In the latter half of the 19th century, the principle role that New York City filled for Mormonism was as a transit point—more than 75,000 Mormon converts entered the United States through New York City during those years while several thousand missionaries sailed for Europe from New York’s port. But beginning with the Page Act in 1875 and the Chinese Exclusion Act of 1882, the U.S. began restricting immigration, beginning with Chinese and also including convicts, lunatics, and “others unable to care for themselves.” And in the late 1880s, attention on polygamy prosecution in Utah led to a provision... Read more »
Times and Seasons is a place to gather and discuss ideas of interest to faithful Latter-day Saints.
- On Conflation; or, Throwing the Baby Out with the Bathwater in 1911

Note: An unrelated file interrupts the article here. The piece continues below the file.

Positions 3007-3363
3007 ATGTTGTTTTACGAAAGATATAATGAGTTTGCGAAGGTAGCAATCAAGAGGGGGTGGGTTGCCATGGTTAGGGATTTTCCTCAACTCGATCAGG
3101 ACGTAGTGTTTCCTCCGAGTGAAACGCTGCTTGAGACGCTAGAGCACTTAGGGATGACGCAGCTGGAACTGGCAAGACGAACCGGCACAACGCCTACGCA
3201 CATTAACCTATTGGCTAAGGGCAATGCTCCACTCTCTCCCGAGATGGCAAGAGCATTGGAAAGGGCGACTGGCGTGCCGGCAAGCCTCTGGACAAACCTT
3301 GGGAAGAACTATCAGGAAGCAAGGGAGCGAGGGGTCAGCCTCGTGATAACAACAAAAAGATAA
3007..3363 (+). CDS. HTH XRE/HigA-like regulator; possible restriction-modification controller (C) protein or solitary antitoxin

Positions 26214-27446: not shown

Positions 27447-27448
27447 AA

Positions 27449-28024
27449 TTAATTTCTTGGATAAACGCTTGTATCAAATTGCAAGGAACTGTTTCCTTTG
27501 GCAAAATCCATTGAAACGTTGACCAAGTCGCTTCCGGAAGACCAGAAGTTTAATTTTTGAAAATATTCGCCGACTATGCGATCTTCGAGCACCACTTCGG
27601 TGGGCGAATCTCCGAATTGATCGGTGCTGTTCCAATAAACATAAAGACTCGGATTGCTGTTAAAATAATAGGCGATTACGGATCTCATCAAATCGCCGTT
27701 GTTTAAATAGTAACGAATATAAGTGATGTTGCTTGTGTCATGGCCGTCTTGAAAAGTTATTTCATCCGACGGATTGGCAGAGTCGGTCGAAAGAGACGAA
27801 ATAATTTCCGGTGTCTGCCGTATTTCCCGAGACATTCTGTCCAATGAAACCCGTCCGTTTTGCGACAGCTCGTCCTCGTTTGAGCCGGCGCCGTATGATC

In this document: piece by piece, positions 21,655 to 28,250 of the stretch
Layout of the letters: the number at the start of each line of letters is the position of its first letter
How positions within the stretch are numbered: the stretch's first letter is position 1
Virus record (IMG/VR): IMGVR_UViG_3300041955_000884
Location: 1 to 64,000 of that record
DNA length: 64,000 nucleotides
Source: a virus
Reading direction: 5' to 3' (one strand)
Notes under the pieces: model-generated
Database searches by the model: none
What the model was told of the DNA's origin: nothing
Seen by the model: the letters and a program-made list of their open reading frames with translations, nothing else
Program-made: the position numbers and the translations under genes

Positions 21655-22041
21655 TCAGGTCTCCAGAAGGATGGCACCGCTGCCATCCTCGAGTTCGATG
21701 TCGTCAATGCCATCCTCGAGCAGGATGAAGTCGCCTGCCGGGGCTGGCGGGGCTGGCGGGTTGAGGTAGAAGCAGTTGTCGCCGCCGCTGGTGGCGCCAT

- Brad L: I’m having trouble seeing how myth is a “loaded term.” It has...
- Clark Goble: In one sense Mike, you’re view of what’s important is completely...
- Cameron N.: I understand the sentiment Mike. However, I think most members detect more...
Notes From All Over
- Church Commemorates War of 1812, End of Civil War 150th Anniversary May 22, 2015
- Church to Monitor BSA Policy Discussion May 21, 2015
- Church Dedicates Córdoba Argentina Temple May 17, 2015
- Mormonism Online: In Your Own Words | 13 May 2015 May 13, 2015
- BYU–Hawaii's Board of Trustees Announces New President May 12, 2015
- Mormons Around the World Country Newsroom Websites May 8, 2015 May 8, 2015